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BRESSINGHAM CHURCH BUILDING REPAIRS BLOG by Linda Waterman-Holly
 
Welcome to the Bressingham Church Restoration Blog!  This is the blog about the Heritage Lottery Funded repair works to the church which began 2 May 2017. To print off this blog click here >
     

BUILDING REPAIR COMPLETION CELEBRATION AT BRESSINGHAM CHURCH:

Please join us at Bressingham Church 18-20 May, 2018 for a weekend of celebrations.  Matthew Champion, who is an increasingly renowned medieval graffiti specialist and building archaeologist, will give a talk in the church Friday 18 May, starting at 7.30pm.  The talk, titled “Bressingham Church – the hidden history” will no doubt be fascinating as Matthew is extremely knowledgeable and a skilled, amusing communicator. Wine will be available.

A Flower Festival (with a country garden theme) takes place across the weekend.  Visiting hours are Saturday 19 May 10-5pm and Sunday 20 May 9-1pm.  The church will look beautiful, so it is a good time to visit and see the improvements to the church.

The weekend culminates in a Service of Thanksgiving for repairs to the roof on Sunday 20 May at 4pm, led by the Bishop of Norwich.  The service is open to all members of the community and anyone interested in attending.  Wine will be served. 

Many thanks to the Heritage Lottery Fund for funding the building repairs, preserving the building for future generations to enjoy.

BUILDING WORK COMPLETED AT BRESSINGHAM CHURCH:  

We are pleased to report that most of the repairs to the church have been completed. Many thanks to the architects at Nicholas Warns Ltd and the builders at G.F. Atthowe for all their hard work.

The building has reopened to the public during daylight hours, so we hope you will visit the now watertight church!

Once the church has been given a full clean, a history display will be set up for visitors to enjoy.

We would also like to thank everyone for their patience during this time.

 

BUILDING WORK PROGRESSES ON SCHEDULE AT BRESSINGHAM CHURCH:

Repair work has mostly taken place on budget and to schedule.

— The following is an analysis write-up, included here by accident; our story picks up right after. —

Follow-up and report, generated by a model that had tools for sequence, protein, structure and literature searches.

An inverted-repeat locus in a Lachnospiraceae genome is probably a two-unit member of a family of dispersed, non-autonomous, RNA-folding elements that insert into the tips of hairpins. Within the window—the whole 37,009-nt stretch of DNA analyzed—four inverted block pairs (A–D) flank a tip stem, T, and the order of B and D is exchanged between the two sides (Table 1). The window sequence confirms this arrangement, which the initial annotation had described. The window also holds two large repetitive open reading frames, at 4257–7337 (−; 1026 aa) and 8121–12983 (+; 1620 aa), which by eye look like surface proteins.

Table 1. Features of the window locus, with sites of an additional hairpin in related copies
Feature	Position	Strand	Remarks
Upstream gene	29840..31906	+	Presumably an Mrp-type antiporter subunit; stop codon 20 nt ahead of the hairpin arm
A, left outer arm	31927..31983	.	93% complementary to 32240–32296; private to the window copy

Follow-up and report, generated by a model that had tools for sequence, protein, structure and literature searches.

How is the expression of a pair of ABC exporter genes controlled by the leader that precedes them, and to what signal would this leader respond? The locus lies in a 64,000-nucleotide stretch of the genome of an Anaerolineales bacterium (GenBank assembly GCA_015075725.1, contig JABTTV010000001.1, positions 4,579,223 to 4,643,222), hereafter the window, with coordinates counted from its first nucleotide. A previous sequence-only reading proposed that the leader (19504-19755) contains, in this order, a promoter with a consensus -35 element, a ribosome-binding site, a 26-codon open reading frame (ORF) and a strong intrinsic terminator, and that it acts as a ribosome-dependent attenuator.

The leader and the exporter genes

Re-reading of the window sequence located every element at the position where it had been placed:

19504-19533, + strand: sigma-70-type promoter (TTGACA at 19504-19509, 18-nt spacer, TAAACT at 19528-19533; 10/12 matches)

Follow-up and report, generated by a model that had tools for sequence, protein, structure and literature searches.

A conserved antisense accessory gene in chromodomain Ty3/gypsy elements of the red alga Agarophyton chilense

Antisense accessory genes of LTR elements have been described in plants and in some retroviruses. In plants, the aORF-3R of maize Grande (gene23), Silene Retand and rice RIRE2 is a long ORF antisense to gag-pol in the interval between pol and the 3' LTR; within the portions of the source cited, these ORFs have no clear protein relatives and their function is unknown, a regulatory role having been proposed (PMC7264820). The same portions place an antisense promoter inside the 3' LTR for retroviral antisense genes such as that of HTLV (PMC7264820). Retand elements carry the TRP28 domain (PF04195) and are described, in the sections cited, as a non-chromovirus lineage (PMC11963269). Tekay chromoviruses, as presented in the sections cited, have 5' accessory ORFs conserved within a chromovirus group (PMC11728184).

Some additional costs have been incurred: the bellcote was found to be in dangerous condition (ie, liable to fall!) and hence it required considerable repair and new stonework.

   
The old lead has been recast and augmented and is currently being laid.  Unfortunately, the highly skilled lead layer assigned to the work suffered a motorbike accident the week prior which slightly delayed works. We are glad to report he is recovering from his accident!

BUILDING WORK RESTARTED at BRESSINGHAM CHURCH 11 SEPTEMBER:

Keith and fellow builders from G F Atthowe returned to Bressingham Church after a one month hiatus as work on the roof had to wait until the bat breeding season was over. All the nave scaffolding is now in place and work on relaying lead roofs is underway.

The builders first had to remove all the old lead which was sent away for recasting. There are records of previous lead repairs, so the builders were asked to look out for date marks from previous lead work. Although date plaques were not found, stonemason Steve found two small matchboxes resting on a soffit on the southwest corner of the nave roof close to the tower. Inside one of the delicate matchboxes the date “1910” and the name “N (?) Knott” can just be discerned. We know from Churchwarden Accounts that the lead roof was last replaced in 1910 by local builders Hoggs. It would be interesting to find out whether Hoggs (now R&J Hoggs) have any records about an employee named Knott. The matchboxes provide a poignant sense of the individual workmen who worked on the church just a few years before the outbreak of WWI – and they also connect two sets of skilled craftsmen more than a century apart.